Comparing Disabilities

I’m so tired of people comparing and ranking different types of disabilities.

Particularly, I’m frustrated that people with psychiatric disabilities keep saying that it’s worse for them because they can’t talk about it, whereas people with physical disabilities can.

I get that there’s a lot of stigma against mental illness.  I live that every day.  There’s a reason I don’t tell anyone at work I have a mental illness: I’m afraid that if I’m ever well enough to get a job, that will get in the way of my being hired.

But I live the other side of the coin every day too.  I have severe ulcerative colitis.  Do you think it’s socially accepted for me to talk about how I was up all night shitting blood?  I think it would probably be more acceptable to say I was hopelessly depressed. 

Because of severe fatigue and weakness, I often have to use a cane if I’m going to be on my feet for more than 30 seconds.  Do you think people don’t judge me for that?  Strangers ask, “What’s wrong with you?”  I get asked if I’m contagious.  I get told I don’t look sick.  I get told I’m too young to be that sick.  I get told I should just stay at home if everyday things are so hard for me.  A LOT of things aren’t accessible to me, from public transportation to jobs, because I can’t stand for very long, even with the cane.  And when you start talking about accessibility, people roll their eyes and act like I’m being an entitled brat.

Not everyone, of course.  Some people are lovely.  But overall, people don’t care.  They’re not willing to go a little out of their way to accommodate someone with a physical disability, either.  So please, for the love of god, stop saying that people with physical disabilities don’t also face stigma and discrimination.  Let’s stop playing the “Whose Life Sucks More?” game.  It’s not productive, and it just leaves everyone feeling worse afterward.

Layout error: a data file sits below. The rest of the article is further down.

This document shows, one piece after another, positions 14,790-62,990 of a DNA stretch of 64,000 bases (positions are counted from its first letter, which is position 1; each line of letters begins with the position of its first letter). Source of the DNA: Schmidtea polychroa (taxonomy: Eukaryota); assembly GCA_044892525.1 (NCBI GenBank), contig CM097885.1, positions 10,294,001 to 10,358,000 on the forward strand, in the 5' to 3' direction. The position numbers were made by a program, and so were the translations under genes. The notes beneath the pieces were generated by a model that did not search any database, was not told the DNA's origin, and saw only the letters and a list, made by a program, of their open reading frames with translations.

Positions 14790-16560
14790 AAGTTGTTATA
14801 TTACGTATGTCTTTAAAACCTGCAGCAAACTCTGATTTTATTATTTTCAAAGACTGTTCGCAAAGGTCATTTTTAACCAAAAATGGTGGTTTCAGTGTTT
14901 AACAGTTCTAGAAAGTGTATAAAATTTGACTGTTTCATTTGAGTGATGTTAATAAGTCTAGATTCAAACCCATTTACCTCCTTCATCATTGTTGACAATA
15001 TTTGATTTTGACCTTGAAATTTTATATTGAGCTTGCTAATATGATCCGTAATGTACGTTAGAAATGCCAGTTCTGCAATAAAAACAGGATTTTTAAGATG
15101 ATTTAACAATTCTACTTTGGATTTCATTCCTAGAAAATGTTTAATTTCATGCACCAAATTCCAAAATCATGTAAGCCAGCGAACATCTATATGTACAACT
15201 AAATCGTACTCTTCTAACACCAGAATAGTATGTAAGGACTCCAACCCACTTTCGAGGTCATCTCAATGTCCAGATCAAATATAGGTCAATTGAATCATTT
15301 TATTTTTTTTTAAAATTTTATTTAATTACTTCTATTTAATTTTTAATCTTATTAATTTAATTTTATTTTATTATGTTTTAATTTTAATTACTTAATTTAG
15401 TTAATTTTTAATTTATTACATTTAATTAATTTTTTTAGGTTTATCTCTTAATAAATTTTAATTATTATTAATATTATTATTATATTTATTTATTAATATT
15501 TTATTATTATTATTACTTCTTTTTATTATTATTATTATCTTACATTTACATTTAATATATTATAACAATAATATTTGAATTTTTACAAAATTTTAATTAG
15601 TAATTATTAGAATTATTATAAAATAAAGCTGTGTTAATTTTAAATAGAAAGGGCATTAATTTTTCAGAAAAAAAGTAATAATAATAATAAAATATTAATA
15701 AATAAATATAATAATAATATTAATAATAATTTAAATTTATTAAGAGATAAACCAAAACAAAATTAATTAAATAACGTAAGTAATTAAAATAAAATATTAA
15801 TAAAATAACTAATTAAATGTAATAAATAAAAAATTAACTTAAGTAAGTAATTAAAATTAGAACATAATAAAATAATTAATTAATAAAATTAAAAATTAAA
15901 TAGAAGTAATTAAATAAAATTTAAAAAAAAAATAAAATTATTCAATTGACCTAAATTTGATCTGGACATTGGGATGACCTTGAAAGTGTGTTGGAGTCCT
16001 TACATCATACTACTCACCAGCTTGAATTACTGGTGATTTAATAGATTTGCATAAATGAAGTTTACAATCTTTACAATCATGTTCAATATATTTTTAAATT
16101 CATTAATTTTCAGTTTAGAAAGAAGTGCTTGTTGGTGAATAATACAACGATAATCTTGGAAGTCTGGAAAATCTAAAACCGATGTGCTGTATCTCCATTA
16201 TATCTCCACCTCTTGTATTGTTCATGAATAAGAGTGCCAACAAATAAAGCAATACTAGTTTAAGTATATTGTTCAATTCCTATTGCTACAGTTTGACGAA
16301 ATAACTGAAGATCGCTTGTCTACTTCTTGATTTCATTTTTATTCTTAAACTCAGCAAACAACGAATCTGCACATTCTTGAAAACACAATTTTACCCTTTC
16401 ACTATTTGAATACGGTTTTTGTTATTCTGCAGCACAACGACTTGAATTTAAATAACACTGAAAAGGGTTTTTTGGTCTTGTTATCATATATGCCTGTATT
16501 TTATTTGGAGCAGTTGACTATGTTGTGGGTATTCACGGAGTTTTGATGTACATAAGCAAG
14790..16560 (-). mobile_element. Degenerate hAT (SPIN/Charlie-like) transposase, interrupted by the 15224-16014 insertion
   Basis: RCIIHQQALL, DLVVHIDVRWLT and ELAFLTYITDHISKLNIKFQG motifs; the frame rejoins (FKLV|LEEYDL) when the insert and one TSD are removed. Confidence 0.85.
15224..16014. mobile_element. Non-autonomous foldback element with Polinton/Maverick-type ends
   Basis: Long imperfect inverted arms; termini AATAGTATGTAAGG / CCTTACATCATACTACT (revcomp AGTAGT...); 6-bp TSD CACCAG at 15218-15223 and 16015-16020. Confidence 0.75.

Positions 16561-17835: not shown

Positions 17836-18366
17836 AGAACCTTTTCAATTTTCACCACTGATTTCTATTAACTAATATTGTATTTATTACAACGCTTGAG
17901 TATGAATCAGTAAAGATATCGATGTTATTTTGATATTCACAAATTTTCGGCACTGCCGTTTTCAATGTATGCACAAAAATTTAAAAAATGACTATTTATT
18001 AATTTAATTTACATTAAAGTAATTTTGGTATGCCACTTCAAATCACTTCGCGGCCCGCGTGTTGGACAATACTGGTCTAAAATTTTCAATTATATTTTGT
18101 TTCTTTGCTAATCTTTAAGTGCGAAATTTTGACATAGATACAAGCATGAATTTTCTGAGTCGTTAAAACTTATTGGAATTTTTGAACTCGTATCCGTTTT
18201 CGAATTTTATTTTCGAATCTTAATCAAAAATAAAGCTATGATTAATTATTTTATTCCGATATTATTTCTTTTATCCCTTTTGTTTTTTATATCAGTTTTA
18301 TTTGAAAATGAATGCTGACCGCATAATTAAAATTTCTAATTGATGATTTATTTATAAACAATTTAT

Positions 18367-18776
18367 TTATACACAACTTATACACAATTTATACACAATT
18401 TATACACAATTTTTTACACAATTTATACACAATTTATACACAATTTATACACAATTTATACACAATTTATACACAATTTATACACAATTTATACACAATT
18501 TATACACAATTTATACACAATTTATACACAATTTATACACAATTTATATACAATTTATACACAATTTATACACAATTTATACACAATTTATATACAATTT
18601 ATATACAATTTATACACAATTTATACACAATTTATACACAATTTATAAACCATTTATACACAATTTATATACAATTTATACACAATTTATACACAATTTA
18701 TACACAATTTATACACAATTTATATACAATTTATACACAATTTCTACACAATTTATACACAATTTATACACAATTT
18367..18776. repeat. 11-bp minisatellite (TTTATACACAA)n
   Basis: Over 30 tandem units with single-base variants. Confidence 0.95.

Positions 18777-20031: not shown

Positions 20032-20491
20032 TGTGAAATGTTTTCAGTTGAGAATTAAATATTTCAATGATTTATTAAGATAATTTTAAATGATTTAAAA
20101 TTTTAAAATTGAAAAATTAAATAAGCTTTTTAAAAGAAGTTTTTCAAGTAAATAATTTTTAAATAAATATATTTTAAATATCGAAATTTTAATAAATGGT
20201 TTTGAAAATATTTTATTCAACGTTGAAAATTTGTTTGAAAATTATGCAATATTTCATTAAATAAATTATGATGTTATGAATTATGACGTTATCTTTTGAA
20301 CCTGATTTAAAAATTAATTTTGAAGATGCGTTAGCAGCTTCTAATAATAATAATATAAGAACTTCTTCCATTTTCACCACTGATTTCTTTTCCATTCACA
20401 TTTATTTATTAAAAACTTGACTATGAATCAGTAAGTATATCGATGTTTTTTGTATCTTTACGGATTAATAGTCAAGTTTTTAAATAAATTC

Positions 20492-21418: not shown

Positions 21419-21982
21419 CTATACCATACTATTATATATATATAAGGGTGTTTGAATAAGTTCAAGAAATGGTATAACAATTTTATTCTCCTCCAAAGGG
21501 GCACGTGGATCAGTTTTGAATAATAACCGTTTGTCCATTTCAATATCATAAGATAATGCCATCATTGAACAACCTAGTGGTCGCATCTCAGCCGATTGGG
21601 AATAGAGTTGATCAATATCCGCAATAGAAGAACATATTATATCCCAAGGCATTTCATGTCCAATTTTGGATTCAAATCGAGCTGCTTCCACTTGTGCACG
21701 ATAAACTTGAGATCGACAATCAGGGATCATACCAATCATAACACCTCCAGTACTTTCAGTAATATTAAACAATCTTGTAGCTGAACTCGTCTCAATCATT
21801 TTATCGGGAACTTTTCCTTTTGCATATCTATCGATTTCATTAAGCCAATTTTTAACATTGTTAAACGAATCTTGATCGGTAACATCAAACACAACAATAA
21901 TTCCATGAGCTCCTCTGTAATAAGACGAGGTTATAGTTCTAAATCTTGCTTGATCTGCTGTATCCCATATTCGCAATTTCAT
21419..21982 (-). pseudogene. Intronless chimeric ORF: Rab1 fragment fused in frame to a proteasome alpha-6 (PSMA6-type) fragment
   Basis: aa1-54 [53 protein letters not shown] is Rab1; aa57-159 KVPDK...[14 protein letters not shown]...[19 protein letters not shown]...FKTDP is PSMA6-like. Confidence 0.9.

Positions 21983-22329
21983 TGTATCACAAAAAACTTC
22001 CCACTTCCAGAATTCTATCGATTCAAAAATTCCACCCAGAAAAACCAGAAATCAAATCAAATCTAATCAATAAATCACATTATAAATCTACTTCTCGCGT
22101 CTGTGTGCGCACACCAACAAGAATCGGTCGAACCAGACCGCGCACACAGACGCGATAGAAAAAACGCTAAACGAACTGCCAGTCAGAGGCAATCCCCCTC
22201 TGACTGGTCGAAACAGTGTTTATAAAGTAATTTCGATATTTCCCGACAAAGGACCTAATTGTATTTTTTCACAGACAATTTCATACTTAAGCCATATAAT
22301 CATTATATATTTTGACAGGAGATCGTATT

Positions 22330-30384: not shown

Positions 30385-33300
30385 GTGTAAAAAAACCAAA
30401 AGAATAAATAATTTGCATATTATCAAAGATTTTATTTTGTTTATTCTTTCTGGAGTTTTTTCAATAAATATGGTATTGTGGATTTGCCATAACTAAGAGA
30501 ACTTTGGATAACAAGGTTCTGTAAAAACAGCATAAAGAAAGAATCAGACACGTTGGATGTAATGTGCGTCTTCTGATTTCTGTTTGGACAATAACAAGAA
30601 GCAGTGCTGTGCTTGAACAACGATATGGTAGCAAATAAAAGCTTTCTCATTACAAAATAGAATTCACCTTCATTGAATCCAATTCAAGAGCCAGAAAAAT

overwhelmed by exhaustion

I don’t know how to cope with this exhaustion anymore.

I slept 11 hours last night, and right now I can barely sit up.  My body won’t sleep anymore, but it’s not functioning, either.  I’m supposed to be doing a predictive dialer phone bank tonight, but I think I’m going to have to cancel.  I mean, my hands are so weak I’m having trouble typing.  I’m having to wear my wrist brace again because the latest joint pain is my left wrist.  The brace drives me crazy, but it’s the only thing that keeps my wrist from hurting every time I move my arms.

Something is wrong with me, and no one is taking it seriously.  My gastroenterologist, who’s otherwise awesome, just blows it off as a symptom of the UC.  I know some fatigue is normal, but not like this.  I mean, I’m not flaring, so there’s no UC-related reason I should be this fatigued and weak.

I should probably go back to my primary care doc, but how would I even get there?  It’s now a two-mile walk on a road with no shoulder to get to the bus stop, then two buses.  I can’t physically handle that.

I’m going to look into the paratransit buses that pick you up and drop you off at your door, but without a diagnosis, I’m not even sure I’ll qualify.  I don’t have a doctor to write a letter saying I’m too sick to use regular public transit because I can’t even get to a doctor in the first place.  Plus, the paratransit service is 2-3 times as expensive as the regular buses, and you have to go to an in-person interview at a place half an hour away.  How the fuck do you think I’m going to get there if I don’t get paratransit?

I just can’t deal with this right now.  Everything just feels so overwhelming, and I want to just go back to bed.  But I have to find a new roommate.